Why does the Indy 500 run for 500 miles?

From the Marbles

It's almost time for the greatest day in racing, three races that run from dawn to well after dusk. The centerpiece of the day is the Indy 500, the Greatest Spectacle in Racing and one of the most famous sporting events in the world. Here, we answer a few of your pressing Indy 500 questions. See you Sunday from the track!

The "500" in racing is a sacred number, as immutable as the 100 yards in football. In olden days, it was a test of drivers' nerve and cars' engineering; the odds were good that either man or machine couldn't go the distance. Now, though, both drivers and cars can sustain a 500-mile race. But how did we get to 500 miles in the first place?

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The number dates back to 1911, when the Indianapolis Motor Speedway head Carl Fisher decided to have one major race, not a series of smaller ones. The idea was to have a race that would last the entire day. (Back in 1911, people hadn't had their attention spans demolished by their smartphones and video games, you know.) The race was slated to run from mid-morning to sundown. Cars averaged about 70 miles an hour back then, so with a projected seven-hour window, 500 miles was a nice round number. The track remains the same 2.5-mile, nine-degree-banked layout that it was the day it opened.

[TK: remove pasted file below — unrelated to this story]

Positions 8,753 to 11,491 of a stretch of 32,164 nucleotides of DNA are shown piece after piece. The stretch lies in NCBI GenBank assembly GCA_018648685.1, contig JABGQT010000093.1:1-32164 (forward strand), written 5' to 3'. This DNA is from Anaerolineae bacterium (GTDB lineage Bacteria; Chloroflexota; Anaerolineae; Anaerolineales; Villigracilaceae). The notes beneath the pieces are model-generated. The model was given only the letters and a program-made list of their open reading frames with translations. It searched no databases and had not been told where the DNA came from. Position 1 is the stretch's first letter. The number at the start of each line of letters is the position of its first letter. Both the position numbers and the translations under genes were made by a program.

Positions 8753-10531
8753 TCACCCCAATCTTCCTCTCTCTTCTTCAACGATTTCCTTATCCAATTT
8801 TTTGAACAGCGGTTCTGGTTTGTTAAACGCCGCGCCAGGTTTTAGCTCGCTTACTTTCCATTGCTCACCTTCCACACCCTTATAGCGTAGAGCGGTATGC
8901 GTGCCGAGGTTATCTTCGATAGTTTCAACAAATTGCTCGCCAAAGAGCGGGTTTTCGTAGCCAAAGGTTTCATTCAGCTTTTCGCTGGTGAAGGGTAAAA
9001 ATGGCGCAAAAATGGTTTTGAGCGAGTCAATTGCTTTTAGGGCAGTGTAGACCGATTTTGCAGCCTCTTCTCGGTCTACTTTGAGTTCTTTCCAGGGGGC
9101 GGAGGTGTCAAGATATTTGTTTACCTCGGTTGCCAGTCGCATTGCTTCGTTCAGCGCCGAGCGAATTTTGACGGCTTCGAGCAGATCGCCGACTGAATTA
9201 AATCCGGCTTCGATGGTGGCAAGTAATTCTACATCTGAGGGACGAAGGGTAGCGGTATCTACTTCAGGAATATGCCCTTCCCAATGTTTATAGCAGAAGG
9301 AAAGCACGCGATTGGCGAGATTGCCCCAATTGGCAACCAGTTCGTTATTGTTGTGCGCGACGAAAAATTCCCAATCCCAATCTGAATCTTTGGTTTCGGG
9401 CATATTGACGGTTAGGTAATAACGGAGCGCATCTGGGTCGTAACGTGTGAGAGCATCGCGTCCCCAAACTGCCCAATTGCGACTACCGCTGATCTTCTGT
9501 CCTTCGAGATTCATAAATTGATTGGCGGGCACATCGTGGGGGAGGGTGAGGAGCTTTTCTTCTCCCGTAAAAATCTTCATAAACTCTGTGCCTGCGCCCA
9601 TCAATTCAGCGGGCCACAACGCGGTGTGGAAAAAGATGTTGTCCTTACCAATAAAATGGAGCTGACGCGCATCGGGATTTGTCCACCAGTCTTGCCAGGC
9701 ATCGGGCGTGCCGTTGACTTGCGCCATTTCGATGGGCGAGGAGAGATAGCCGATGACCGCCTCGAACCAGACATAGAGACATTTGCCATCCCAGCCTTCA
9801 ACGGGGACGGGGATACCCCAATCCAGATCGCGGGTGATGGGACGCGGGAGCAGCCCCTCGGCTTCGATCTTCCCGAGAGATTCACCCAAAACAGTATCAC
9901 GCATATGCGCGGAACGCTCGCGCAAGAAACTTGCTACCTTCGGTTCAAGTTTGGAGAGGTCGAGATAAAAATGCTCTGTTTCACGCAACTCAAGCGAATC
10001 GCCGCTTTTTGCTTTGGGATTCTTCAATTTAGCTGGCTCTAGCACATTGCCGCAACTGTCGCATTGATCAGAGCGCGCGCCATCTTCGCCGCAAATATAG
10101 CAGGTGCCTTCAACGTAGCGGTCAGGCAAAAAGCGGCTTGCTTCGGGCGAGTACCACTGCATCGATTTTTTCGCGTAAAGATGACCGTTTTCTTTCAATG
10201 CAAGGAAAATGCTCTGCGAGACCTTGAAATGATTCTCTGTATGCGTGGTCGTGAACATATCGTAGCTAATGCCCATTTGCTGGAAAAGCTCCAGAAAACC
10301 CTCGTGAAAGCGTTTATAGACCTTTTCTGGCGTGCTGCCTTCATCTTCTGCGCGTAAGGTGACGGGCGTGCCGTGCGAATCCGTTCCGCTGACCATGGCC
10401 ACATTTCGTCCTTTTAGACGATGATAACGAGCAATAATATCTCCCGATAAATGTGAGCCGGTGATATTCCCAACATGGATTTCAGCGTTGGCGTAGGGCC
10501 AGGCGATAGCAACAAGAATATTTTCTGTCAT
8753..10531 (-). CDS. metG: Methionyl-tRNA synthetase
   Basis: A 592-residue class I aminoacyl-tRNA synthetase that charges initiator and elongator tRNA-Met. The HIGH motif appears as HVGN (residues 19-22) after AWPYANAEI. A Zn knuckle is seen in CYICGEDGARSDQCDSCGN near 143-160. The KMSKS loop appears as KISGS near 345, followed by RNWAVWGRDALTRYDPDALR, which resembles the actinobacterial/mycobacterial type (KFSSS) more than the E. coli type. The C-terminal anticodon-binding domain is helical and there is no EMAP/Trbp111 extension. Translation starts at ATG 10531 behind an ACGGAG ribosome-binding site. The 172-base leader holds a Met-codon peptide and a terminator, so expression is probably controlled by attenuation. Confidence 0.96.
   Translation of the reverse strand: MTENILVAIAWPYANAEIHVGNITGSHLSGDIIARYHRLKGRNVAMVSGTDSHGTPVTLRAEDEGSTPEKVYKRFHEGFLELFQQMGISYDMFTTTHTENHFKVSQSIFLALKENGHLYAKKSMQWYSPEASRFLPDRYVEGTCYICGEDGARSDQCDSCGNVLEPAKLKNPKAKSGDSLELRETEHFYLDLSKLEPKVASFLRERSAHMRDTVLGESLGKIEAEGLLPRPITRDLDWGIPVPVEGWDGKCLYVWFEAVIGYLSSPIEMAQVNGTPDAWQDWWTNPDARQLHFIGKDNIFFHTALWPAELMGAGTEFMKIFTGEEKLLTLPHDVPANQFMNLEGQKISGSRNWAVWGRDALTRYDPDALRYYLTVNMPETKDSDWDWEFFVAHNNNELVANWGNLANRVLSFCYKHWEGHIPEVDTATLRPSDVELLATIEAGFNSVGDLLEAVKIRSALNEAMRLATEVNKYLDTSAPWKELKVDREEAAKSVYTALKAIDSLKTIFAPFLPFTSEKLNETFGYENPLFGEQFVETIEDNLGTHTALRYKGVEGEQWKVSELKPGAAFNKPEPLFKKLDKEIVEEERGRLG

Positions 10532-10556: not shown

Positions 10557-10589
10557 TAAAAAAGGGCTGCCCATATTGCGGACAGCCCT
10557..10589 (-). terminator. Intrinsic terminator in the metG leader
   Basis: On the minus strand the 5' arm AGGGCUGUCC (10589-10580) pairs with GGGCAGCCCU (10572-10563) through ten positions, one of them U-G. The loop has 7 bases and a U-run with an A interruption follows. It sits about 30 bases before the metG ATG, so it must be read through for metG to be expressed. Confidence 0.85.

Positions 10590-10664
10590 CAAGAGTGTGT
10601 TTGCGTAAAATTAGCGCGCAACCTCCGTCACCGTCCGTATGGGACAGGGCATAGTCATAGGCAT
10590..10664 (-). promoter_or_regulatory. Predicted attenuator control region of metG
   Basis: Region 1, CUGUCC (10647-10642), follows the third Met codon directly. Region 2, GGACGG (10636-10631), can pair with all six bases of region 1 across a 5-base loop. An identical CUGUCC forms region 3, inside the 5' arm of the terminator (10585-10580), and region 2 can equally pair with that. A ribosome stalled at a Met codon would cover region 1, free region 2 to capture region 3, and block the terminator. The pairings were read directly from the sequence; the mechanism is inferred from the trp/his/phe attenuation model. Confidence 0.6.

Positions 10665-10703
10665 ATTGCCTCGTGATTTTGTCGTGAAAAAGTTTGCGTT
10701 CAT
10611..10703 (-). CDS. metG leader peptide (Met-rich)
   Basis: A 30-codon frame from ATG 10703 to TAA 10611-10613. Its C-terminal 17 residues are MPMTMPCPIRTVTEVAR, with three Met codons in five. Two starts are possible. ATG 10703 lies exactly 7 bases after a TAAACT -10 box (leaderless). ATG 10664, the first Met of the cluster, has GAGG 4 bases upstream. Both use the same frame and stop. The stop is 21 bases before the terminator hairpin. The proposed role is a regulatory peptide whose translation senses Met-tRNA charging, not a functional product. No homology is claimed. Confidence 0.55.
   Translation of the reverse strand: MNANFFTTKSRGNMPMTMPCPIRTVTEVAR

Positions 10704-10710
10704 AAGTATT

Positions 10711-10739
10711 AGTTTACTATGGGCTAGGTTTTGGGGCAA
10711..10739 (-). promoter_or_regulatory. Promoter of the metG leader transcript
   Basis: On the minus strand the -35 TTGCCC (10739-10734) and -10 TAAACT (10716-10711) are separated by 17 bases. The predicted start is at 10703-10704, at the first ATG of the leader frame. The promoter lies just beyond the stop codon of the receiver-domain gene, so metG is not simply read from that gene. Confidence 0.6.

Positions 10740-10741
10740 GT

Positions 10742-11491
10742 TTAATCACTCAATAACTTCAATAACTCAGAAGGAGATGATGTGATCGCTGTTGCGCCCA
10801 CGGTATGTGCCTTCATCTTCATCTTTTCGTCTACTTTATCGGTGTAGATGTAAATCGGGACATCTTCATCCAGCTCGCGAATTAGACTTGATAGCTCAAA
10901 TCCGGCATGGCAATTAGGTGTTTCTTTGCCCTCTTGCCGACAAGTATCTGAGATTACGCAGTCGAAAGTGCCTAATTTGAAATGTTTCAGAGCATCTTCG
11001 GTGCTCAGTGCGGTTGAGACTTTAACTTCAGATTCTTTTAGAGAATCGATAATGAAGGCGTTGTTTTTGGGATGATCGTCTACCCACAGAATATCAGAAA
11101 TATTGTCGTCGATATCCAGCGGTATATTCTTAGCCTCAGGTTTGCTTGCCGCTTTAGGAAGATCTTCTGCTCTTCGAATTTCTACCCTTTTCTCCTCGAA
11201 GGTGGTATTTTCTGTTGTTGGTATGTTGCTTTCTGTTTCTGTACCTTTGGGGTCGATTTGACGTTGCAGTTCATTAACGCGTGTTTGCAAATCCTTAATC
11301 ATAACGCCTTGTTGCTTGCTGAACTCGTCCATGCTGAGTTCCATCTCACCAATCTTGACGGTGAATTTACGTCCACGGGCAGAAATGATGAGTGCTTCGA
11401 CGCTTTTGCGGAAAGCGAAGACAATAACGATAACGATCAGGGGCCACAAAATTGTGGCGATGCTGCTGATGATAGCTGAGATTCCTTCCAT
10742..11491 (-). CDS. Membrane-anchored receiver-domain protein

The first winner, Ray Harroun, completed the race in six hours, 42 minutes and eight seconds, an average speed of just under 75 mph. For comparison's sake, last year's winner, Dario Franchitti, was more than twice as fast, finishing the race in 2:58:51, or 167.7 mph.

As for that famous tradition of drinking milk? That dates to the 1930s, when winner Louis Meyer regularly requested buttermilk. A local photographer captured the scene, the Indiana Dairy Council apparently spotted an opportunity, and a tradition was yanked into existence. Winners now get their choice of whole, two percent or skim ... well chilled.

-For coverage straight from Indianapolis Motor Speedway, follow Jay Busbee on Twitter at @jaybusbee.-

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